Updated July 2020
Here are the 6 government banks in the Philippines:
Four are universal banks and two are thrift banks.
Land Bank of the Philippines (Landbank)
LandBank Plaza Bldg.
1598 M. H. Del Pilar cor. Dr. J. Quintos St.
Malate, Manila 1004
– No. of Offices: 370
– Founded in 1963
– Became a universal bank in 1973
Development Bank of the Philippines (DBP)
Gil Puyat Avenue corner Makati Avenue
– No. of Offices: 113
– Started as Agricultural and Industrial Bank in 1939
– Renamed Development Bank of the Philippines in 1958
– Became a universal bank in 1995
Al-Amanah Islamic Investment Bank of the Philippines
PHIDCO A. Building
Veterans Avenue, Zamboanga City
4th Floor Development Bank of the Philippines
Gil Puyat Avenue corner Makati Avenue
Makati City 1200
No. of Offices: 9
– Started in 1973 as Philippine Amanah Bank
– Renamed Al-Amanah Islamic Investment Bank of the Philippines in 1990
– Only bank authorized to operate under Islamic banking concepts
– Owned and controlled by the Development Bank of the Philippines
Overseas Filipino Bank, A Savings Bank of LandBank (OFBank)
(formerly Philippine Postal Savings Bank)
Postbank Center, Liwasang Bonifacio, 1000 Manila
– Phone: 527-0040 / 527-3377
– Trunkline: 527-0053
– Number of offices: 31
– wholly-owned thrift bank subsidiary of LandBank
– was ceremonially launched by Pres. Duterte on January 18, 2018
– was created in September 2017 when Pres. Rodrigo Duterte issued Executive Order No. 44 approving the acquisition of the Philippine Postal Savings Bank by Landbank and conversion into Overseas Filipino Bank.
United Coconut Planters Bank (UCPB)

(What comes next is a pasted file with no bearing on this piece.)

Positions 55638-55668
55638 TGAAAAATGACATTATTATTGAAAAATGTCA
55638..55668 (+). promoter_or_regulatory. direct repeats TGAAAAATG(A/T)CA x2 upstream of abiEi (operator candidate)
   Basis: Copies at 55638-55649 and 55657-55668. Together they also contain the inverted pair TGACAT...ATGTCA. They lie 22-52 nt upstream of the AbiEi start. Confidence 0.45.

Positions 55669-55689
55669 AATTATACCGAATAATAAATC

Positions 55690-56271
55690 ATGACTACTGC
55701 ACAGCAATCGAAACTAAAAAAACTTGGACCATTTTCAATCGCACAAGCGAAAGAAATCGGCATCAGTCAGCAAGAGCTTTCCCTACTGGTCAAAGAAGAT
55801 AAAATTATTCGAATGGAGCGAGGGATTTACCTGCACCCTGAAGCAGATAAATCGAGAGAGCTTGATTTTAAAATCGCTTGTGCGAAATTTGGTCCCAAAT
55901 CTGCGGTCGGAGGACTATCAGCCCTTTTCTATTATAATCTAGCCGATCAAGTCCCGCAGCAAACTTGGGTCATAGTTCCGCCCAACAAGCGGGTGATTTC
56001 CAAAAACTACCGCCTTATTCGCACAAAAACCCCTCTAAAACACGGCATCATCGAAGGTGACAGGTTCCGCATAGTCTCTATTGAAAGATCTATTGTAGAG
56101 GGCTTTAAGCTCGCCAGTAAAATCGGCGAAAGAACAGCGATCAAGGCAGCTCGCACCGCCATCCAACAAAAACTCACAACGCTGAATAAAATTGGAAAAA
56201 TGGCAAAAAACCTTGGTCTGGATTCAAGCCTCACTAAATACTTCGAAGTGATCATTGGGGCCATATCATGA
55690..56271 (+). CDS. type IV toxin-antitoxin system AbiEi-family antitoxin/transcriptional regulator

– became a universal bank in 1981
UCPB Corporate Offices, 7907 Makati Avenue
Makati City 0728
No. of Offices: 188
Trunkline: (632) 811-9000 / local 1000 to 1002
Fax: (632) 811-9062
UCPB Savings Bank
18/F UCPB Bldg., Makati Avenue, Makati City 0728
No. of Offices: 64
Does the government really own UCPB?
In July 2020, the Department of Finance announced that the government increased its ownership of UCPB to 97%. It did this by converting into special preferred shares the 12-billion-peso loan that the PDIC granted to UCPB in 2003, which was later converted into capital notes in 2009.
Prior to this announcement, the government owned 73.9%% of UCPB. After years of court battles regarding UCPB ownership, the Supreme Court ruled with finality in 2013 that the Philippine government owns 72.2% of UCPB.
According to UCPB’s 2018 annual report, it became a Government-Owned and Controlled Corporation (GOCC) in March 2018. It’s also a state depository bank.
Initially, the government did not plan to operate UCPB as a government bank, despite the huge amounts of money it has poured into it over the years to save it. It has been working with the Department of Finance on its privatization. But in August 2019, Finance Secretary Carlos Dominguez III announced his plan of exploring ways to recoup the billions of pesos that the government has spent maintaining UCPB over the years. And it most probably not through privatization.
UCPB was originally First United Bank (FUB). It was renamed United Coconut Planters Bank (UCPB) in 1975 after 72.2% of it was purchased by a government agency, the Philippine Coconut Authority (PCA), using coconut levy funds. These funds were taxes collected from coconut farmers from 1972 to 1982.
Isn’t Union Bank one of the government banks in the Philippines?
No. But the government-owned corporation SSS owns 13.99% of Union Bank.
What is Union Bank’s relationship with the SSS?
SSS is one of the 3 biggest shareholders of Union Bank. SSS, a government owned and controlled corporation (GOCC), owns 13.99% of Union Bank, as of June 2018.
Is Philippine National Bank (PNB) a Government Bank?
The Philippine National Bank (PNB) was created as a government bank in 1916, but it started getting privatized in 1989 when its stocks were listed in the stock exchange.
In 1996, PNB became a private bank when the government’s ownership was reduced to 46%.
In 1999, a group led by Lucio Tan acquired 35% of the bank and increased its ownership to 69.32% in 2000. It further increased its ownership to 77.43% in 2005.
In 2007, the government sold all its remaining shares in PNB to the public.